We are just past the summer solstice and per the “crop” calendar, halfway through the year already. One activity that is often overlooked at this point in the year is evaluating the fertility programs’ performance and making adjustments, also known as tissue sampling. 

The GI/GO Principle applies:

The only way to receive good and usable results is to send in the correct tissue for the growth stage of the crop. I won’t go too deep into the procedure, but I will say that it does follow the GI/GO rule, Garbage in = Garbage out. Here’s a good resource that outlines how to take tissue samples effectively – Page 28.

Soil and tissue sampling are like linear equations…

It takes two points to make a line in a linear equation, but three to five points would be preferred. Think of fertility plans like that line. Tissue results are only ONE point on that line/trend. The more results from soil and tissue sampling, the more defined that line/trend becomes. No fertilizer applications should be made based on one tissue result because it’s only a snapshot. Multiple results over a brief period of time establish a trend that is useful, however. We would also like to see successive, sufficient results which would indicate the crop has proper levels of fertility heading in to grain fill.

Commitment of time and resources:

It is important to establish what we are looking for and where. The following chart outlines a few of the macro and micronutrients, how they are applied, their mobility and the plant uptake mechanism. These nutrients are where I suggest focusing efforts due to uptake cycle needs and widespread ability to apply product quickly via some form of foliar feed.

Tissue Sampling First Priorities:


1. Your top-producing field by Actual Production History (APH) – this is where your strength as a producer is being highlighted so you need to identify it.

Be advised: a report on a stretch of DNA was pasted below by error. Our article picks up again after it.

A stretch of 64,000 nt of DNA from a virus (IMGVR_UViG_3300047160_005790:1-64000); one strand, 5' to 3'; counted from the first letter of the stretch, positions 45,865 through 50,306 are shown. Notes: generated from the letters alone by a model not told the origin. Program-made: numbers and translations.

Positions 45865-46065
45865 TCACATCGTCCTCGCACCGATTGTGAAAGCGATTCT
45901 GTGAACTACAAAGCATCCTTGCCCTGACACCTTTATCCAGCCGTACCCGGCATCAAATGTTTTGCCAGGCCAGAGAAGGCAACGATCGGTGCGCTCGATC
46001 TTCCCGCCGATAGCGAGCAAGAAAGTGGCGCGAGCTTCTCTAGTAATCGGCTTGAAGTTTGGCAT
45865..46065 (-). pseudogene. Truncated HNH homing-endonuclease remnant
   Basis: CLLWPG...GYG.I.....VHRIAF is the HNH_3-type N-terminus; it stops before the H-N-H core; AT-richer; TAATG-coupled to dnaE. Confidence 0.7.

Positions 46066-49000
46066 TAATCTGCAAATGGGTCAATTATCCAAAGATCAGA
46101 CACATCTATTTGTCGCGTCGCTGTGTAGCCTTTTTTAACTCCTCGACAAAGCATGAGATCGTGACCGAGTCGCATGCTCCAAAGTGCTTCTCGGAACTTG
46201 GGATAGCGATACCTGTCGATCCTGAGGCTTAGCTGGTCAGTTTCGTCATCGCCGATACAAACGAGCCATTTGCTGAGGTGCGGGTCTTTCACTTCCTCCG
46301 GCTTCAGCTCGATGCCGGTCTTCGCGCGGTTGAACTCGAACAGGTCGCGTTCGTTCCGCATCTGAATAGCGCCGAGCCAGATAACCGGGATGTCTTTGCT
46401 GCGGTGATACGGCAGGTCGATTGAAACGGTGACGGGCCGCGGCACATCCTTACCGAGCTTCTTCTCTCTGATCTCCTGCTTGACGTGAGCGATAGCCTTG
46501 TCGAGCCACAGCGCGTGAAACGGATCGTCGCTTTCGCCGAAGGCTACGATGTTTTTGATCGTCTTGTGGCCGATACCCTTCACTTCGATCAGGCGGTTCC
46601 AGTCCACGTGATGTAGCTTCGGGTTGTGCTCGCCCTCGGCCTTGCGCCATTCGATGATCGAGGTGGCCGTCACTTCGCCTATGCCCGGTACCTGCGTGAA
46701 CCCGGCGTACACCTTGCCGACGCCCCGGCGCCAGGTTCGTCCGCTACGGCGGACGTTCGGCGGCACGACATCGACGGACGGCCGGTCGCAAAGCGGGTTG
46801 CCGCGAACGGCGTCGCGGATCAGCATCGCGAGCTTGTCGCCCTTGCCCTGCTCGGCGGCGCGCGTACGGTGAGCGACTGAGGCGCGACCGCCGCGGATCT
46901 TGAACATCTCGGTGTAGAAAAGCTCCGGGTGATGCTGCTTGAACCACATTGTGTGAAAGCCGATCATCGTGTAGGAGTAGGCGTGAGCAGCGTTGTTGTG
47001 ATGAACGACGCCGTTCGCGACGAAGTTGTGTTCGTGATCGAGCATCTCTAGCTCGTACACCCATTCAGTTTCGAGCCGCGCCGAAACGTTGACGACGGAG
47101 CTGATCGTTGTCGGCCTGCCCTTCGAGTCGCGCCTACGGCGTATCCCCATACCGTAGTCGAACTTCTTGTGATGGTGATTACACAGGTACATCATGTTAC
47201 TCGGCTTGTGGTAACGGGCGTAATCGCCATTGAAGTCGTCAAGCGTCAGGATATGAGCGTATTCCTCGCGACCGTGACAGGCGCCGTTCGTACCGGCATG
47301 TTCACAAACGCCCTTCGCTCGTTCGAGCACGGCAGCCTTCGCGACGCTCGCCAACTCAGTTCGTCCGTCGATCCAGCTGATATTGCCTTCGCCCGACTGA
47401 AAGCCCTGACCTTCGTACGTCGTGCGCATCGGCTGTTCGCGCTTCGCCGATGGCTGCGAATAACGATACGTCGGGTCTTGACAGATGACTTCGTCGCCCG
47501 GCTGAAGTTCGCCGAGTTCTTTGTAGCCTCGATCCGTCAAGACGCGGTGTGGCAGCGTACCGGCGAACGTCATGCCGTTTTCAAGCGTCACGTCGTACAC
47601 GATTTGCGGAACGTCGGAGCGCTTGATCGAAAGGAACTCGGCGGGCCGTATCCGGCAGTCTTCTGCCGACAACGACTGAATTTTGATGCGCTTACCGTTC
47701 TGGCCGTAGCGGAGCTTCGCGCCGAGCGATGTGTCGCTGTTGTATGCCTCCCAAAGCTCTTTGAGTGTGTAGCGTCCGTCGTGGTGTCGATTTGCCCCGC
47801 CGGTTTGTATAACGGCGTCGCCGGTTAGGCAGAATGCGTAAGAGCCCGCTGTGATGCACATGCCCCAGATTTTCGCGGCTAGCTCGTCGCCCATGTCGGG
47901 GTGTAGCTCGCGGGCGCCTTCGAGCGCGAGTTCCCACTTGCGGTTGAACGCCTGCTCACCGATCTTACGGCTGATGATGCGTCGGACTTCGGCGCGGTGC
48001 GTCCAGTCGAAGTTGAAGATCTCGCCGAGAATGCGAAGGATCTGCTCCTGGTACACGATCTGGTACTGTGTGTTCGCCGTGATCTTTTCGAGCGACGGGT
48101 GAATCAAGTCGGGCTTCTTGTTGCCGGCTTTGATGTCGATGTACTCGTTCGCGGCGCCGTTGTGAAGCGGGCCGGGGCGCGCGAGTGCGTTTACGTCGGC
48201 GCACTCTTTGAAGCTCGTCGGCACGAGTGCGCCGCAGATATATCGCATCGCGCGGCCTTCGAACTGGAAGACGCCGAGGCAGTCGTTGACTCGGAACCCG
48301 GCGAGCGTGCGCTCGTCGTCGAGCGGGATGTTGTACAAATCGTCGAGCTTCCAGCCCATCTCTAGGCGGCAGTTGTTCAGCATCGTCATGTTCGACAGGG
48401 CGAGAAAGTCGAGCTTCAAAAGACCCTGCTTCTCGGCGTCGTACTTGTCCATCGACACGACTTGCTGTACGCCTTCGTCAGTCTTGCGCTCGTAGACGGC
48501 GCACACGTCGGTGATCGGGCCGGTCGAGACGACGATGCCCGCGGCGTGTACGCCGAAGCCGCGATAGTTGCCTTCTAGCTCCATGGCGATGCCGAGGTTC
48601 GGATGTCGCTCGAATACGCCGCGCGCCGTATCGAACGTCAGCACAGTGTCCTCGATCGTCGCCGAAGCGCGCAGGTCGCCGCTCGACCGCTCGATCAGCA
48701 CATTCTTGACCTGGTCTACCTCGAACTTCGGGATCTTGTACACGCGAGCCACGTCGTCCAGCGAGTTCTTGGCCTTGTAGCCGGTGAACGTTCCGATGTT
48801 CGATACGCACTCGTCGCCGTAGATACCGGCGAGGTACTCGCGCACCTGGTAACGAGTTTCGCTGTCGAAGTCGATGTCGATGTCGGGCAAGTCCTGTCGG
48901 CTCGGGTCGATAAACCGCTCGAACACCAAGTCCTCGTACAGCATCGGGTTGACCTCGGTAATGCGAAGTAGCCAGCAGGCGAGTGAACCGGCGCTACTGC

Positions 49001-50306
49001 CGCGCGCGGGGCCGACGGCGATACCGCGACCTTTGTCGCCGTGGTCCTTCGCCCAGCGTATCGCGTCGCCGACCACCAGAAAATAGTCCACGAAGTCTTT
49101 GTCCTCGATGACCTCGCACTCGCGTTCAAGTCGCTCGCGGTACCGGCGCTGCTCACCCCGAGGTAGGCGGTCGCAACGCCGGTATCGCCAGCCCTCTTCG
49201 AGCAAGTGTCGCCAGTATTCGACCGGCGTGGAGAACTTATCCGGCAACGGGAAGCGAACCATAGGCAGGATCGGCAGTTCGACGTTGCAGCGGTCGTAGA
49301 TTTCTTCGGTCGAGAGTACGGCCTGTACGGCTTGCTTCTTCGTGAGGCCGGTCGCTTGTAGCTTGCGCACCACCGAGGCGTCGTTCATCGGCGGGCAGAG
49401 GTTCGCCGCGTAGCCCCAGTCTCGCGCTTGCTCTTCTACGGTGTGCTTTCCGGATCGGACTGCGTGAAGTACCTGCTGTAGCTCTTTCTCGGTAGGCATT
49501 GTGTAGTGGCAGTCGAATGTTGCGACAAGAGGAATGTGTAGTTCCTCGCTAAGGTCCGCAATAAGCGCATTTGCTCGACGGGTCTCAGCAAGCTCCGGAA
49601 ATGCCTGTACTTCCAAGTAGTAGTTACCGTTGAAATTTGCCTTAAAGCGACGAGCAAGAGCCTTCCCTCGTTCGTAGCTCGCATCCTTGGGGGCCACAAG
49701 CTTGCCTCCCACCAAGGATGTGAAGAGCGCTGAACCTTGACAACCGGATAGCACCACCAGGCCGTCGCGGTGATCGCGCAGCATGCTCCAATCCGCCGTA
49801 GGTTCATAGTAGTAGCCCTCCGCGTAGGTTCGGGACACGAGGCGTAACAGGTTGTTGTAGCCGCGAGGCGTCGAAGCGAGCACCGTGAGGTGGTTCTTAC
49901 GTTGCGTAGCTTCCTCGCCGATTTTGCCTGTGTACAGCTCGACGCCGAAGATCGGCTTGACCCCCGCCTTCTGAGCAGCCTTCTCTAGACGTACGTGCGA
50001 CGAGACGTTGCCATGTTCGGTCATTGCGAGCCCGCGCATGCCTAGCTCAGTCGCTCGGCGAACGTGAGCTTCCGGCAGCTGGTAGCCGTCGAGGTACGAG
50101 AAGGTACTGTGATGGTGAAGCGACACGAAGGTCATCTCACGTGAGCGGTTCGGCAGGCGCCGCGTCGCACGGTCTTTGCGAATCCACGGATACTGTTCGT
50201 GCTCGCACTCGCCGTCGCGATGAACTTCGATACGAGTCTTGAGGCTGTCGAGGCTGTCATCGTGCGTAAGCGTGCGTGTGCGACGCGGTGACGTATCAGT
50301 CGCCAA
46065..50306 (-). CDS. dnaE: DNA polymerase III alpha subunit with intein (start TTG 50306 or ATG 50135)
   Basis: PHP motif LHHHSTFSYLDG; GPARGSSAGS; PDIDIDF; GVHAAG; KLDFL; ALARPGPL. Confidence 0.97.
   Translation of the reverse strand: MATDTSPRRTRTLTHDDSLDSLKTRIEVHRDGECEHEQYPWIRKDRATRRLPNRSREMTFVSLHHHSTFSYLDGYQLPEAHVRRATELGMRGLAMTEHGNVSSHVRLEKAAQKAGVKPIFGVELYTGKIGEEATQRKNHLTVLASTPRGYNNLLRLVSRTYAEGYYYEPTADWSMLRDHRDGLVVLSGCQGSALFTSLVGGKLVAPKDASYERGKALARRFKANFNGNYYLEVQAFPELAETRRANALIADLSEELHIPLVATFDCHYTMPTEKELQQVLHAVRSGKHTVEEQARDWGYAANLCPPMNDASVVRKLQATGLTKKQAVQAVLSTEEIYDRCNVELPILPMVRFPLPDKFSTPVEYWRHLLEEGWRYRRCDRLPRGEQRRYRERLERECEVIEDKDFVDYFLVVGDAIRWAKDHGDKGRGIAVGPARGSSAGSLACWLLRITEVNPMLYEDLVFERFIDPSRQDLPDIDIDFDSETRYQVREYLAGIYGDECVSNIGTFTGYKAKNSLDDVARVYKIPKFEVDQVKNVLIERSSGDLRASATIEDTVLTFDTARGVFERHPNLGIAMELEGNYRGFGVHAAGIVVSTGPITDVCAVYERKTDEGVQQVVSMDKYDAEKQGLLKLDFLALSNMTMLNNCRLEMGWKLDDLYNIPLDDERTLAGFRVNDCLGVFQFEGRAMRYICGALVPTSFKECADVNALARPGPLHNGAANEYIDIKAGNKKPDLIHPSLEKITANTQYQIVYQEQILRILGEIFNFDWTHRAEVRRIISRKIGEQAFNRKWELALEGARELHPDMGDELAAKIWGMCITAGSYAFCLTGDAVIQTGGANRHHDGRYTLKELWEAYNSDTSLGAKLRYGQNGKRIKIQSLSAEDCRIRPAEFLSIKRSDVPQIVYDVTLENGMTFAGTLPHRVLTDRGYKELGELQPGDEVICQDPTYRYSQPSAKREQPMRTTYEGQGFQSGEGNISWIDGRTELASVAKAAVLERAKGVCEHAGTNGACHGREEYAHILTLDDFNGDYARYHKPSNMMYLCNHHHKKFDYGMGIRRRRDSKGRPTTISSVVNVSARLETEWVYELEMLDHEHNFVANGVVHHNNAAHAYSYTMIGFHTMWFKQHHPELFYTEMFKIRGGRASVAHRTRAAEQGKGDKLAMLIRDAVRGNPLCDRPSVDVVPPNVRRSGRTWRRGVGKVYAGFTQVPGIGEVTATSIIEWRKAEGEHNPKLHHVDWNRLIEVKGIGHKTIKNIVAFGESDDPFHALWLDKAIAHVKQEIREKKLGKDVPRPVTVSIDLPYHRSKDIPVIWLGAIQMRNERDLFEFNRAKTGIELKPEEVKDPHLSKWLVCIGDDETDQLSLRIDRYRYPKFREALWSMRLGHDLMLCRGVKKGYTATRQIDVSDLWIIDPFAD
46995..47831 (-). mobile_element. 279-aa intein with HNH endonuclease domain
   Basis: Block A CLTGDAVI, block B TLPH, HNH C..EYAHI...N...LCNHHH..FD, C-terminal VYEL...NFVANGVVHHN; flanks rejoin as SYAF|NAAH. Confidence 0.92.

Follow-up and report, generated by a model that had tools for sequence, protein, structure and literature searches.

2. Your second-best APH field – this is low hanging fruit and likely where your most productive dollar will be invested. You’ll want to take your second-best field and make it as good as the best.

3. For the field that struggles the most on APH and fertility, but you’re not sure why it’s struggling – use your judgement on this one. For example, if the river floods the field two out of every five years, then move on up the list of fields.

4. The field immediately above the previous one – if you can identify where it is trending backwards, you may be able to at least stop the trend, if not reverse it. 


Focus on these four fields over a defined period of time.

This period does not have to be seasons or months. Pull some samples over the course 10 to 21 days or longer. Or before and after a major rain event. The more results over a wider interval of time, the better and more useful your trend will be.

Find multiple trusted advisors.

You may have a good sales rep at the co-op, but I promise, the law of incentives applies to everyone. Local agronomists or CCAs, universities, and the lab the results came from are all able to help you maximize what you learn from your results.


Farm Well! Be profitable!



  • Leif Wildman – ADM Location Manager – Newman, Illinois, Interview 6/25/21
  • Rod Livesay – A Better Way To Farm, Conklin Affiliate. Interview 6/24/21
  • Jon Woerner – Agronomist/Owner – Ag Answer Sullivan Illinois 6/25/21
  • Tissue Sampling Considerations for Higher Yields (Todd Steinacher, ILSoyAdvisor)
  • Midwest Labs Tissue Sampling Procedure

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About the Author: Jared Greuel

Greuel is the owner and sales agronomist for Greuel Farm Service offering multiple lines of seed, crop protection, biological and fertility management to growers across Central Illinois. He graduated from the University of Illinois with a Bachelor of Science degree in Agribusiness Management and has been a CCA since 2015. Greuel specializes in challenging current systems to create more profit for growers and balance program efficiency vs effectiveness. He currently raises non-GMO corn and soybeans with his uncle north of Effingham and resides in Mattoon Illinois with his wife Nicole and kids Mason, Carson and MacKenna.